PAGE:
Two principal analytical approaches have been applied in the literature to the problem of hydrodynamic stability of time-dependent flows. These are the multiple (time) scales approach^{1,2} and Floquet expansion approach. Von Kerczek and Davis^{2} and Hall^{3} applied the formal Floquet theory to a simple Stokes layer and their results showed that the flow is stable for all Reynolds numbers investigated, in contradiction with experimental results. Singer^{4} compared the results of the numerical simulation and the linear stability analysis of oscillatory plane channel flow, and concluded that interpreting the stability results in the Floquet sense may not be appropriate for the flow that undergoes large transient growth (and decay) of the disturbances. However, Blennerhassett^{5,6} obtained the unstable modes of Stokes layer while increasing Reynolds Number up to 708, which was still almost twice greater than the experimental results.^{7} By following the multiple scales approach, Cowley ^{8} showed that the disturbances can significantly grow over part of a cycle for asymptotically large Reynolds numbers. Lee^{1} investigated the stability of the oscillatory planar Taylor-Culick flow using the multiple time scale method, and showed the possible effects of the turbulent transition due to the disturbance amplifications on combustion instability.

Up to now, studies on the stability analysis of the oscillatory Taylor-Culickflow are based on local methods.^{1} The local non-parallel method can only describe the information of the certain local region, but is not capable to exactly and completely describe the non-parallel flow,^{9} such as Taylor-Culick flow. In this work, the biglobal stability of the oscillatory Taylor-Culick flow is investigated using the multiple time scale method.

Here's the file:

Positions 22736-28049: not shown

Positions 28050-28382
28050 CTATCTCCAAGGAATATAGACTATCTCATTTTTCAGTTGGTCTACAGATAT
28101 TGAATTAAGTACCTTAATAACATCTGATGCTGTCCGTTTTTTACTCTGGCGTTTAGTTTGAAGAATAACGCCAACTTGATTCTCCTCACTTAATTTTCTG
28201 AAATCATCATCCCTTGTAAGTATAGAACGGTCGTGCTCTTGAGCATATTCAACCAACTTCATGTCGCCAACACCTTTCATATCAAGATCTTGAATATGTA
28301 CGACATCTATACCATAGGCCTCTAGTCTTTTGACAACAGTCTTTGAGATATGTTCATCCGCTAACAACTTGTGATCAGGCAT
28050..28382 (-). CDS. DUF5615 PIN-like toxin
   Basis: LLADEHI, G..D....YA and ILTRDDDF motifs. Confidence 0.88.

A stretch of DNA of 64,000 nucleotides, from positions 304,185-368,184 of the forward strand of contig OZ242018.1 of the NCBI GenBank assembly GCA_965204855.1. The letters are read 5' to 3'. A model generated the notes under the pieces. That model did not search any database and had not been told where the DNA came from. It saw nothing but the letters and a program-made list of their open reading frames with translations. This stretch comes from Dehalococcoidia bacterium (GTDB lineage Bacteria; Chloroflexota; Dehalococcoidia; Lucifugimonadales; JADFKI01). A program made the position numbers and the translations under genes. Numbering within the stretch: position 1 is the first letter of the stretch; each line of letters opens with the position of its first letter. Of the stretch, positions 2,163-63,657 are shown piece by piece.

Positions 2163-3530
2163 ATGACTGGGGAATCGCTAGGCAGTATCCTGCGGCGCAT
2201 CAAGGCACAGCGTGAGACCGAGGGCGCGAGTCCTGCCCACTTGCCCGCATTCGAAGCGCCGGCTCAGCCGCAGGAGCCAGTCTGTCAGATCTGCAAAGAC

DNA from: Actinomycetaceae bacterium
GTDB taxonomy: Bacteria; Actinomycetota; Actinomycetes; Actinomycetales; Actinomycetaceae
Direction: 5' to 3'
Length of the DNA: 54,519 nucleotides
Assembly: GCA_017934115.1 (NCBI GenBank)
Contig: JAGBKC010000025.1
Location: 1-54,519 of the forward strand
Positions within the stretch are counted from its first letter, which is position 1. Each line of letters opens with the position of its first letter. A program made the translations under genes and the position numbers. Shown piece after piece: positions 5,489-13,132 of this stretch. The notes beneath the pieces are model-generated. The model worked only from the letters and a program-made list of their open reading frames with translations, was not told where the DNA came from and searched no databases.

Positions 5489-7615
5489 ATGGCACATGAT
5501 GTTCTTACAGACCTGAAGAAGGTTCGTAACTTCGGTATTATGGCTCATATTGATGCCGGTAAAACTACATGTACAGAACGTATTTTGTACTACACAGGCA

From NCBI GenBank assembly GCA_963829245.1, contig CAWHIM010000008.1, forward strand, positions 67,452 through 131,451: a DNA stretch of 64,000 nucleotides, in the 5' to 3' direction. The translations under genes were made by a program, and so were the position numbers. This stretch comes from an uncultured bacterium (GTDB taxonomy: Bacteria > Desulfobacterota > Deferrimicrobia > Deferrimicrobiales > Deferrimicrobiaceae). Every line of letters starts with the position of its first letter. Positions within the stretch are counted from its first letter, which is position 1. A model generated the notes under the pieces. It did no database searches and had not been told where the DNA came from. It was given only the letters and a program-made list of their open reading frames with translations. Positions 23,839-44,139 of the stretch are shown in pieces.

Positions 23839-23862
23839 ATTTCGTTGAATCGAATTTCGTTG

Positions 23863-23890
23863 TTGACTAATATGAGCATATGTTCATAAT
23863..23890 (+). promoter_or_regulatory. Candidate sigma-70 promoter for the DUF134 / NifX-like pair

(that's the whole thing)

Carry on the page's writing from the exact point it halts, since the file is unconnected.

**Governing equations**

The linear non-dimensional continuity and momentum equations are adapted:

$\begin{array}{l}\nabla \cdot {u}^{\prime}=0\\ \frac{\partial {u}^{\prime}}{\partial t}+\left({\overline{U}}_{B}\cdot \nabla \right){u}^{\prime}+\left({u}^{\prime}\cdot \nabla \right){\overline{U}}_{B}+\nabla {p}^{\prime}=\frac{1}{R{e}_{inj}}\Delta {u}^{\prime}\end{array}$ (1)

where basic flow ${\overline{U}}_{B}\left(r,t\right)$ are periodic, given as：

${\overline{U}}_{B}\left(r,t\right)=\overline{U}\left(r\right)+\widehat{u}\left(r,t\right)$

where $\overline{U}\left(r\right)$
represent steady basic flow，$\widehat{u}\left(r,t\right)$
acoustic velocity, ** r** spatial coordinates, Re

**Multiple scales approach**

The multiple scales approach, namely the fast time *t* and the slow time t_{1} are related by ${t}_{1}=\epsilon t$
with the small dimensionless expansion parameter,$\epsilon $
, characterizing the ratio of the time scales. Using the method of normal modes, the perturbation solutions is assumed to have the form as following

$\left({u}^{\prime},{p}^{\prime}\right)\left(r,{t}_{1}\right)=\left(u,p\right)\left(r,{t}_{1}\right)\mathrm{exp}\left(i\vartheta \right)$ (2)

where$\vartheta $ is defined by

$\vartheta =\frac{1}{\epsilon}{\displaystyle \int \omega \left({t}_{1}\right)}d{t}_{1}$

with

$\frac{\partial \vartheta}{\partial t}=-\omega \left({t}_{1}\right)$

The chain rule transforms the temporal derivatives into